Assuming J-1 visa approval, the exchange visitor may begin their research program on the start date of the DS-2019. IREX will provide exchange visitors with instructions for their arrival check-in reporting. Other reports are required during the research exchange program as detailed in the exchange visitor’s Terms and Conditions and Program Handbook.
Any changes to the original research program terms require approval by IREX.
Frequently asked questions
- I represent an organization involved in scientific research, but we are not a university and we are not a J-1 sponsor. Can we still be involved in the J-1 program?
- What are the differences between the J-1 Research Scholar and J-1 Short-Term Scholar categories?
- Is a J-1 visa a work visa?
- I’ve noticed IREX works with many programs in developing countries. Are participants from wealthier countries eligible to participate in IREX’s J Visa Exchange Program?
- Can IREX sponsor J-1 visas for other programs besides research? For example, can I participate in a hospitality internship in the US?
- I wish to obtain a J-1 visa but I do not have an invitation from a US host organization. Can IREX help me find a research program?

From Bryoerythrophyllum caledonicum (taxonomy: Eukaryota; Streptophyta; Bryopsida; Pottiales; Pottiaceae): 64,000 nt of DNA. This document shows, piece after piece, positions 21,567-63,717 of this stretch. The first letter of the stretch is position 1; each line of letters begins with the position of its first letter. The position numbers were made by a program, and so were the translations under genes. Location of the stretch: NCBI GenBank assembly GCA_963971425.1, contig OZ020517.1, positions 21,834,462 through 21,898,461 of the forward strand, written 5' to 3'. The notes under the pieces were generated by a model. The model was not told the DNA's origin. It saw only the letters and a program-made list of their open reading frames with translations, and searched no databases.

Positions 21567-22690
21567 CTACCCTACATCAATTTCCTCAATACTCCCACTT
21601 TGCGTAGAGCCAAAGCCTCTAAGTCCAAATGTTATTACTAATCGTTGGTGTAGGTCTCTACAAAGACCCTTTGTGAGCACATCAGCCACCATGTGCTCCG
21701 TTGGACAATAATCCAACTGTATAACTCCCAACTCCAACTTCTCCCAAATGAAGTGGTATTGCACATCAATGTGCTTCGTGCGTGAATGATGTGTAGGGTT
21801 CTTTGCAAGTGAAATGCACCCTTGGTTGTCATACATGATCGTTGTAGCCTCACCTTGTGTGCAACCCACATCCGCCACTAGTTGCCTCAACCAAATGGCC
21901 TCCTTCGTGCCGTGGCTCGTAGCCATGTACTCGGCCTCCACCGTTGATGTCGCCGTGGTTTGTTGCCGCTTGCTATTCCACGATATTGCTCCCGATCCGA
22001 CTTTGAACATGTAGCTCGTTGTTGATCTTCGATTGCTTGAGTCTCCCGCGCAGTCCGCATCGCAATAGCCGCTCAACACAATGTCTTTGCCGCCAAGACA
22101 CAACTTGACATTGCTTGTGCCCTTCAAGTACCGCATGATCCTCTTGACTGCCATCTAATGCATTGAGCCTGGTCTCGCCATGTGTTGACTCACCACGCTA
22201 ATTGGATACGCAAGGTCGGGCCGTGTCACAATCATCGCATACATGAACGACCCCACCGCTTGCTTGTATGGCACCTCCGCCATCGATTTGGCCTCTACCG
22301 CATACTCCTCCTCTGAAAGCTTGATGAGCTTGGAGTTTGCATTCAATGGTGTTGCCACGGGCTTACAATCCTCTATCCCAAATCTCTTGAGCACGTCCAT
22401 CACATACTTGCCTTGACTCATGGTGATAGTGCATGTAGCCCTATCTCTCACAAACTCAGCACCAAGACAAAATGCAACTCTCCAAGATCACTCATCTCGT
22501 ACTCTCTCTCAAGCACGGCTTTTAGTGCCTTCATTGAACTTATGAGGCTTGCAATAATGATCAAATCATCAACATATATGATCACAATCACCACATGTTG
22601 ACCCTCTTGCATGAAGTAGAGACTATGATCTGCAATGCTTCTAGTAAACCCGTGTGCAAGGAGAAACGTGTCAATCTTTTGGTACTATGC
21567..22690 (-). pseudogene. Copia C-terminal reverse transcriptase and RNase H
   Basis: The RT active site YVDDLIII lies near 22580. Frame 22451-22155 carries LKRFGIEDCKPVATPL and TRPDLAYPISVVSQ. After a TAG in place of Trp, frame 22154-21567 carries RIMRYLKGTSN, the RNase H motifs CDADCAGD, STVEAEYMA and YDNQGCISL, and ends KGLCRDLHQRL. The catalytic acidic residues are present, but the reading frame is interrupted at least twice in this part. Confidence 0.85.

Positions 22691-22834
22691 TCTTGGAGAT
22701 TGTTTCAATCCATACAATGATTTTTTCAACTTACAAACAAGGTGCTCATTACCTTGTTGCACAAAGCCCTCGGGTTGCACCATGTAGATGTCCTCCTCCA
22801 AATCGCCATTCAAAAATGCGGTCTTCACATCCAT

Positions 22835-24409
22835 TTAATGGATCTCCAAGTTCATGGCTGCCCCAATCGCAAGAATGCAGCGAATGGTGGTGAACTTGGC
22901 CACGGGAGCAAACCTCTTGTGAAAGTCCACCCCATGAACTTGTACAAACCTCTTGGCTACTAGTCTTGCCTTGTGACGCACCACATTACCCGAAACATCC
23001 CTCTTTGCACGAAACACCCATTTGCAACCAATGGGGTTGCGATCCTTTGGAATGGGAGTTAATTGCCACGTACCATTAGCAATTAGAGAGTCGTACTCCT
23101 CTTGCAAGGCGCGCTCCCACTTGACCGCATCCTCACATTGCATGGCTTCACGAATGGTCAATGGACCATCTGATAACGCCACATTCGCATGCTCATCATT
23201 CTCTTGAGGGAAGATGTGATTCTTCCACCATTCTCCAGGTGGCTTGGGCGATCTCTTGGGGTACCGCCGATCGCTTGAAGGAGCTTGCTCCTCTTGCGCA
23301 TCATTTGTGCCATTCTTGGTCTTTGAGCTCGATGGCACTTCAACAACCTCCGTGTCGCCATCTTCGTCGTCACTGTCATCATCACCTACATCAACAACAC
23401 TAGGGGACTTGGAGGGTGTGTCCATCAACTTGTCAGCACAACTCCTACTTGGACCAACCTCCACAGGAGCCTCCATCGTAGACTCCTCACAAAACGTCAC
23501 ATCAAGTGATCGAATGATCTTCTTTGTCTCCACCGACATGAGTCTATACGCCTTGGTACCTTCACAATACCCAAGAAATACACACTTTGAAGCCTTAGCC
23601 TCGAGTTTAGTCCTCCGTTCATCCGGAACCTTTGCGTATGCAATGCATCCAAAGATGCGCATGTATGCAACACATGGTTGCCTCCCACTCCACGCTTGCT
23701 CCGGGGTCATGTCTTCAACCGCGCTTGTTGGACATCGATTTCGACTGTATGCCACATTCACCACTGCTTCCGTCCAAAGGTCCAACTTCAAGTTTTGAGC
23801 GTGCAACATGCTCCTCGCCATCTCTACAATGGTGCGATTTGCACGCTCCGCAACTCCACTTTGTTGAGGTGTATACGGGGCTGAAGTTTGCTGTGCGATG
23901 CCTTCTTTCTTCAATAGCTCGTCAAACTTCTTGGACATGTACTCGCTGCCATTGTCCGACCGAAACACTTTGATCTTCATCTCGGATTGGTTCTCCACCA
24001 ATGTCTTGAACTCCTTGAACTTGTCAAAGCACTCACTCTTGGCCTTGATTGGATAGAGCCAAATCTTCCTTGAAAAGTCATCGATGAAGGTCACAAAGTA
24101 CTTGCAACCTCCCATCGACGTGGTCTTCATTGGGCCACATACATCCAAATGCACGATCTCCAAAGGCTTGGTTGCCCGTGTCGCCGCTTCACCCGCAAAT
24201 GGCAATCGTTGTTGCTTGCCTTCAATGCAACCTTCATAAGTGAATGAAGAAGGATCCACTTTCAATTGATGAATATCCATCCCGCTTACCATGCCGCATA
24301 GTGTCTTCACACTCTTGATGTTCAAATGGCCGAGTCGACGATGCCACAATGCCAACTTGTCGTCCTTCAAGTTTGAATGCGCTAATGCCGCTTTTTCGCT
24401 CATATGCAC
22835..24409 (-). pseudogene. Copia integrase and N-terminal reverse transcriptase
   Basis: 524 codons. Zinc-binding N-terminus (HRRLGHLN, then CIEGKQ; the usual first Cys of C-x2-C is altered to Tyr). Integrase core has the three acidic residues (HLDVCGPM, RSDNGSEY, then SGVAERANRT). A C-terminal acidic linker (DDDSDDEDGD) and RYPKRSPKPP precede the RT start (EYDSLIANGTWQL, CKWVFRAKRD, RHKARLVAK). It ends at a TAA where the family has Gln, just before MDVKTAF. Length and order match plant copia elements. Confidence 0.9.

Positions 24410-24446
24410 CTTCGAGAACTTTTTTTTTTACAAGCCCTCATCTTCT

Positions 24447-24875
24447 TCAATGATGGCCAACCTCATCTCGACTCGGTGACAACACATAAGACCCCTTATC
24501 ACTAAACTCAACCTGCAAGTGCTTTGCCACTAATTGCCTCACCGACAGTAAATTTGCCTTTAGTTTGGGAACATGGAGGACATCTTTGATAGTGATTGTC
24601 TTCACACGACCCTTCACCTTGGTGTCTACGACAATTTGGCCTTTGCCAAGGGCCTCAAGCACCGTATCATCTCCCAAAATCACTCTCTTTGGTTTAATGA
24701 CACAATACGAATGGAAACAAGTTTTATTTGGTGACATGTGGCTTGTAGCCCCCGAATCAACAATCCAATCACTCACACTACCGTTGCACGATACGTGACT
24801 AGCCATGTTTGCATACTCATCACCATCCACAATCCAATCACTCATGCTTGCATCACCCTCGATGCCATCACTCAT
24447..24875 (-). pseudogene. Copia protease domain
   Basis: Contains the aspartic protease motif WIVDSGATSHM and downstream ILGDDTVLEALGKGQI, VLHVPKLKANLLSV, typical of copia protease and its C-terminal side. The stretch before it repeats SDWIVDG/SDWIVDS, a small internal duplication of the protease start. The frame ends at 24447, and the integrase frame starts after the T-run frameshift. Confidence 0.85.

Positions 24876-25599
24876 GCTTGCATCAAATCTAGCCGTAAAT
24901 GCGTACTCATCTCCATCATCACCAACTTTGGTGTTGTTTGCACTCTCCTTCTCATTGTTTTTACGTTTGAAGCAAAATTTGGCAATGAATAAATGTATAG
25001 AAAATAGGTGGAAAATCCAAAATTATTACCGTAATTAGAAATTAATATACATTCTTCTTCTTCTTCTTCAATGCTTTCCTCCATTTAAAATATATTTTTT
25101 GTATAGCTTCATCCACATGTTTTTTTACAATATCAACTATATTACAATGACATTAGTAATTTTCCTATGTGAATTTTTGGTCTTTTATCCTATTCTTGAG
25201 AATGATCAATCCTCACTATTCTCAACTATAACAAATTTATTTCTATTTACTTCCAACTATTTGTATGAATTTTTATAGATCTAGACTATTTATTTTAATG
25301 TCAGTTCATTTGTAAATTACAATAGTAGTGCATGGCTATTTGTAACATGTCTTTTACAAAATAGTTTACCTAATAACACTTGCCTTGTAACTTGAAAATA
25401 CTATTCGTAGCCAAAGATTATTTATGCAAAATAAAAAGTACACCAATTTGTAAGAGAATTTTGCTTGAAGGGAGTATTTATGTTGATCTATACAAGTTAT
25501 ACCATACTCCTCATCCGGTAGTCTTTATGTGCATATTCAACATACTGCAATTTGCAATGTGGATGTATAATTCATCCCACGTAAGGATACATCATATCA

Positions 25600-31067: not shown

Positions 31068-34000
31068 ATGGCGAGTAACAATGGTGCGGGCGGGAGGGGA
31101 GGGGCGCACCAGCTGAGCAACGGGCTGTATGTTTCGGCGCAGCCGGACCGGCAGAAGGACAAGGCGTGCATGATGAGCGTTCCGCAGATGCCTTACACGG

I represent an organization involved in scientific research, but we are not a university and we are not a J-1 sponsor. Can we still be involved in the J-1 program?
Yes, you can apply to be a host organization, assuming your organization and the research project or program you operate align with the US Department of State’s parameters for the J-1 Research Scholar or Short-Term Scholar programs. Contact IREX for free consultation.
What are the differences between the J-1 Research Scholar and J-1 Short-Term Scholar categories?
The categories are similar, but there are a few important differences:
- Research Scholars may participate in research programs in the US for up to 5 years, whereas Short-Term Scholar programs are limited to 6 months maximum.
- To be eligible for a Research Scholar program, a person must not have held any J visa status for any part of the past 12 months; this restriction does not apply to Short-Term Scholars.
- There is a 24-month waiting period to be eligible for a Research Scholar visa after previously participating as a J-1 Research Scholar; repeat participation as a Short-Term Scholar is not limited.
- Research Scholars must be conducting research, consulting, or receiving training in connection with a research project at qualified host organizations. Short-Term Scholars may be involved in research or participate in other academic activities, such as seminars, workshops or study tours.